Medicaid is a government-funded health care program designed to be a "safety net" for those who cannot acquire traditional health care coverage because of their age, income, or disability status.
Prior to the global health emergency that began in 2020, each state would regularly monitor its Medicaid recipients to ensure that each person who was enrolled and receiving benefits continued to qualify for the program. If recipients were found to no longer qualify for Medicaid health coverage due to a change in their income, age, or disability status, they would be removed from the program.
However, in 2020 this review procedure was temporarily suspended by a federal mandate to ensure that no one would lose their health coverage during the global health emergency.
The U.S. Department of Health and Human Services has the option to "extend the public health emergency in 90-day increments." The next 90-day period is set to expire on April 16, 2022.
If this period is not extended for another three months, millions of people will be at risk of losing their current Medicaid health care coverage and benefits.
Once the Department of Health and Human Services decides that there is no longer a "public health emergency," each state will need to resume reviewing Medicaid recipients and removing those individuals who no longer qualify for the program.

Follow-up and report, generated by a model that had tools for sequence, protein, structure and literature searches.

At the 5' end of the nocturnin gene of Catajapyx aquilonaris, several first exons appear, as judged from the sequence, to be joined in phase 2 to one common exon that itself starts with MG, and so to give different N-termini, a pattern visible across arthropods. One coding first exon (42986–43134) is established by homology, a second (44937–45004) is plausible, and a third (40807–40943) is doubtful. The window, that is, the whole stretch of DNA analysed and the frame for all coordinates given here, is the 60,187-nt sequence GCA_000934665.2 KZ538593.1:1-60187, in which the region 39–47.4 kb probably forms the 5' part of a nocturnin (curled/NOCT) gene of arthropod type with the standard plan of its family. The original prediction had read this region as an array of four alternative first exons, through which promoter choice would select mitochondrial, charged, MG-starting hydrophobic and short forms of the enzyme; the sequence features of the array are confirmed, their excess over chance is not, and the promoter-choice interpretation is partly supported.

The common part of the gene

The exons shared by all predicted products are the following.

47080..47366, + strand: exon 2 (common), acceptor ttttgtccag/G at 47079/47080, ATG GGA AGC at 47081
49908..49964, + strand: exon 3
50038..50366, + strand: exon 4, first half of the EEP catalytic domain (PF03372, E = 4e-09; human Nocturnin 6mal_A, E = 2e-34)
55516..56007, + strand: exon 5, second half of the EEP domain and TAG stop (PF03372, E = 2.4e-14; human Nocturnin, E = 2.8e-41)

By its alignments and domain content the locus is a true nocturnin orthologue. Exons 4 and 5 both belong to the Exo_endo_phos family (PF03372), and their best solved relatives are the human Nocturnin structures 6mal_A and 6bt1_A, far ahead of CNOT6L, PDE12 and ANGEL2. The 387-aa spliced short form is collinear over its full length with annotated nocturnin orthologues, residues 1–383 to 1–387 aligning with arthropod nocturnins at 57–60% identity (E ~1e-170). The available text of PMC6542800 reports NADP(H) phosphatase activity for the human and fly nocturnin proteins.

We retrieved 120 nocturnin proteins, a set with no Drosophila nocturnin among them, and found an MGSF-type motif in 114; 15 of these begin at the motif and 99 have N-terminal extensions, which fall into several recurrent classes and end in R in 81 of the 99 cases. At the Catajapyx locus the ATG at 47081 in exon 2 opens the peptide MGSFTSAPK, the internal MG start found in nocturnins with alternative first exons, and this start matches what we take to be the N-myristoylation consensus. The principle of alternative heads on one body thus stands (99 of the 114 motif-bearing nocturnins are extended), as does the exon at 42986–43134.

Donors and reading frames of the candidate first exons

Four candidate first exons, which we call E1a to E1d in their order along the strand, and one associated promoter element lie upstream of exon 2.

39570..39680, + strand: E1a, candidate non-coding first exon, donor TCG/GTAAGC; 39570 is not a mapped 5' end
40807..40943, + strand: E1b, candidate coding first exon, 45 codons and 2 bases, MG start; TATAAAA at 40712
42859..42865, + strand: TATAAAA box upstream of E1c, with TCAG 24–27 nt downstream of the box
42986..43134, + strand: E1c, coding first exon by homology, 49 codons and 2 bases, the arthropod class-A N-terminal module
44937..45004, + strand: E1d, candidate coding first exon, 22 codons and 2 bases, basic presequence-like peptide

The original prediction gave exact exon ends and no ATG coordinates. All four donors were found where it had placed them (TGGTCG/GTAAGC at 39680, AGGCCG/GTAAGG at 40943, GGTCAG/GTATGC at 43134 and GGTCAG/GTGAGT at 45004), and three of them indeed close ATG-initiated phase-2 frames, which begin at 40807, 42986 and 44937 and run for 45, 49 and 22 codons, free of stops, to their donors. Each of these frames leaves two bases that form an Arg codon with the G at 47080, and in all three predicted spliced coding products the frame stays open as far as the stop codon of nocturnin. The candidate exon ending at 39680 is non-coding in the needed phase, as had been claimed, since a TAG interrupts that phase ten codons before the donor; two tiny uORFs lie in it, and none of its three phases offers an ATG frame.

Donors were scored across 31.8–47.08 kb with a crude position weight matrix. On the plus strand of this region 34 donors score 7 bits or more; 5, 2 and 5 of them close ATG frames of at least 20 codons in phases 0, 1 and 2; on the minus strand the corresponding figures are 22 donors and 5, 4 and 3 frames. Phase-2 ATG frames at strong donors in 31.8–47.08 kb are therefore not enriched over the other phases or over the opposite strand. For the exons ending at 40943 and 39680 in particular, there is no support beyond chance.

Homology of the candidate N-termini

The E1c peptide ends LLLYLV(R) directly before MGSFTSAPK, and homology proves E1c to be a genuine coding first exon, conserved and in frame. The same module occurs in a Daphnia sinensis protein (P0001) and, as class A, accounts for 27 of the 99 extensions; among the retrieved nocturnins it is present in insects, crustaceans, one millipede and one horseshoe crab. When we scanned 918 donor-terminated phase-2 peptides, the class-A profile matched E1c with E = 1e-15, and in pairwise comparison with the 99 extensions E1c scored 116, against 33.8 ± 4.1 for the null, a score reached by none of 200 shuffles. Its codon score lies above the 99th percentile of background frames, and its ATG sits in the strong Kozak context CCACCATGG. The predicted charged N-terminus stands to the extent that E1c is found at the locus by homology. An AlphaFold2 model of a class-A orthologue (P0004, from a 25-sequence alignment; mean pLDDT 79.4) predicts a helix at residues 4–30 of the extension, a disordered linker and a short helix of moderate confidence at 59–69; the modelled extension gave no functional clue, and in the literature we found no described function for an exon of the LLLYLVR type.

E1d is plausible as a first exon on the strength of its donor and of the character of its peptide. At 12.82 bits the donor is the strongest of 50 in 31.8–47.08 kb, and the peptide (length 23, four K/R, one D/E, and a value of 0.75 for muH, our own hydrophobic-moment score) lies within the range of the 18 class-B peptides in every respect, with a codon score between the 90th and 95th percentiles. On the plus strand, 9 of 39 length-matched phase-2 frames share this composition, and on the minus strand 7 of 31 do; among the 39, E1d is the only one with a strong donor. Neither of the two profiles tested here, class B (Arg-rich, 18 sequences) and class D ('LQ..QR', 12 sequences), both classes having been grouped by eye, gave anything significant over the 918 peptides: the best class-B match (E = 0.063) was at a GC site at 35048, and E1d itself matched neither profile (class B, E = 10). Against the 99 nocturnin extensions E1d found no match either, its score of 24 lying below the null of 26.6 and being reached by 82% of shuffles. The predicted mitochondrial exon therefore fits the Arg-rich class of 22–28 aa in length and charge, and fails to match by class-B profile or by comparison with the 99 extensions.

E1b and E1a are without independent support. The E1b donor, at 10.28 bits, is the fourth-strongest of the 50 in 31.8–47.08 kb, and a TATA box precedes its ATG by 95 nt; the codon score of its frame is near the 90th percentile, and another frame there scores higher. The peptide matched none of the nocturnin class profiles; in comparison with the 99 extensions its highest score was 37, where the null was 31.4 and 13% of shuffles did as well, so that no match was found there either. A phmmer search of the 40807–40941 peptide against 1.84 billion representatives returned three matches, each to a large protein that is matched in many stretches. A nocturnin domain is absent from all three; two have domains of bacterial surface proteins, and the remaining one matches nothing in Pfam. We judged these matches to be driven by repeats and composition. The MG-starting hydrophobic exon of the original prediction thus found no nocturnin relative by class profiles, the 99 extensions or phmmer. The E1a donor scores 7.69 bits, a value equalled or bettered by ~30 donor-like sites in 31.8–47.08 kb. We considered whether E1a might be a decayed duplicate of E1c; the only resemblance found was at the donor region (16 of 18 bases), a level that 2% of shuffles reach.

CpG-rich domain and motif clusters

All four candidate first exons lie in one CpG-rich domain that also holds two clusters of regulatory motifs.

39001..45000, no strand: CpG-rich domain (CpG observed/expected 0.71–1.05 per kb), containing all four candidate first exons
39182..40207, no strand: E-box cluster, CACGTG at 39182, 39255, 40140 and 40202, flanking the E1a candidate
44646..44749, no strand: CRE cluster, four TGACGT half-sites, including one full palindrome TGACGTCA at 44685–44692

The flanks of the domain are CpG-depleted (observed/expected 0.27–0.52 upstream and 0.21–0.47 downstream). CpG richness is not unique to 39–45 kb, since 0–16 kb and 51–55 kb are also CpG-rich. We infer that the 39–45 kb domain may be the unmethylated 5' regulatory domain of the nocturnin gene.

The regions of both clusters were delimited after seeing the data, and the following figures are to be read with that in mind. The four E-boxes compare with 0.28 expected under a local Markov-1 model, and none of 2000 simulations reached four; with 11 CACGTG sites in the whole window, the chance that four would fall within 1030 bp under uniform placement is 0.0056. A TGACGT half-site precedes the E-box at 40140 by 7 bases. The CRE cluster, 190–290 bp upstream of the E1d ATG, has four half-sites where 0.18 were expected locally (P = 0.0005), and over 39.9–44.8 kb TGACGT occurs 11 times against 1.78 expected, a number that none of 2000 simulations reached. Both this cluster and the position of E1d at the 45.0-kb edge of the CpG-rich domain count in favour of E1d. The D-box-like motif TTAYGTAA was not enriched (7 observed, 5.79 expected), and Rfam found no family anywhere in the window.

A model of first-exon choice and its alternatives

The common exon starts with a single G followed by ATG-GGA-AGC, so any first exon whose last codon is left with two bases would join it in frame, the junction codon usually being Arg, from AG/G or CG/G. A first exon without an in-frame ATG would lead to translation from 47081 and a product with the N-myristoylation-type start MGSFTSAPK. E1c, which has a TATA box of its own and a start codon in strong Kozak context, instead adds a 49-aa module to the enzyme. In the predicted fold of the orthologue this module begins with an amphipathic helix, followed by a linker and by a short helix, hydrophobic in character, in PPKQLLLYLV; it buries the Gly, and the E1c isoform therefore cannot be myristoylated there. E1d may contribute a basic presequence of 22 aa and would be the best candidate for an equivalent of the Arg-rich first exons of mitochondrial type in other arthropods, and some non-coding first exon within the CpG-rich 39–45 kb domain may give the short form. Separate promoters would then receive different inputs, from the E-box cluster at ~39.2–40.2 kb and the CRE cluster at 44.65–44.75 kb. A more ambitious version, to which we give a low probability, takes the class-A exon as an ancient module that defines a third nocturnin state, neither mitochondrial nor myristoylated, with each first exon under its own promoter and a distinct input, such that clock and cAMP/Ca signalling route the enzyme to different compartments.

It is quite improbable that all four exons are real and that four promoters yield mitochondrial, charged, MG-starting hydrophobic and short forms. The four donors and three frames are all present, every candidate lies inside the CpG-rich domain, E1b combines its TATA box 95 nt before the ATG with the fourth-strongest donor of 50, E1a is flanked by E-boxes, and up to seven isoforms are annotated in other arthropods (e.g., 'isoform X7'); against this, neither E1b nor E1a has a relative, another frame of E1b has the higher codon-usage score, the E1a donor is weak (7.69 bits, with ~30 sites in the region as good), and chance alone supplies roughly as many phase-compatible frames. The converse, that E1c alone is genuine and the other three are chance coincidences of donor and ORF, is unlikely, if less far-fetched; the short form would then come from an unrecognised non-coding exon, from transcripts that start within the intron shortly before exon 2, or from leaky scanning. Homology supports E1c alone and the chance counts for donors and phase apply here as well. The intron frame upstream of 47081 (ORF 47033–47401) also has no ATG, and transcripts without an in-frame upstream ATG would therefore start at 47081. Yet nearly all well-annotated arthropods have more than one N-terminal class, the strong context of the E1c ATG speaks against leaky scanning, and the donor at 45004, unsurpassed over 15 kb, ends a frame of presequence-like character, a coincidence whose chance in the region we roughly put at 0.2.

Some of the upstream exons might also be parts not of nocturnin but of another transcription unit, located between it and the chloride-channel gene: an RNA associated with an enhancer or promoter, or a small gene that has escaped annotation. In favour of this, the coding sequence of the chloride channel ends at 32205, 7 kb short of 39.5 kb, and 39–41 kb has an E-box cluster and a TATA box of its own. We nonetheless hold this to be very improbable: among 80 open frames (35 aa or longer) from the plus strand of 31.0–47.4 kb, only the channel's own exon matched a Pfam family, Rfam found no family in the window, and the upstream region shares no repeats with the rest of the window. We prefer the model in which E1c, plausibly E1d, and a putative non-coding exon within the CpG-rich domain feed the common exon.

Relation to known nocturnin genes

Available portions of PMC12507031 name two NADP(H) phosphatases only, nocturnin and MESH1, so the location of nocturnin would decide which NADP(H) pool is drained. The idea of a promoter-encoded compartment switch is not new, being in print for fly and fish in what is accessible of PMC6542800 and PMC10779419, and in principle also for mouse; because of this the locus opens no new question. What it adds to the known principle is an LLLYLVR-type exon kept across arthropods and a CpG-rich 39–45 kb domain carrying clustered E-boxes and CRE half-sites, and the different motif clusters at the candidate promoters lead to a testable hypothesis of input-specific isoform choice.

According to the Centers for Medicare & Medicaid Services, approximately one in four Americans are enrolled in a Medicaid program through their state.
The most likely reasons some individuals will be removed from the Medicaid program are if their income has increased beyond the threshold to qualify for benefits or if they fail to provide documentation that proves they continue to qualify.
If you are currently receiving Medicaid benefits, you'll want to keep a close watch on your mailbox as you may soon receive documents regarding your health care coverage status, or consider calling your local Medicaid office to find out if you need to provide any additional documentation to keep your current coverage.
As it stands, individual states will have a year to review their Medicaid recipients and determine each one's status. However, it is believed that millions of Americans may lose their Medicaid benefits through this process.
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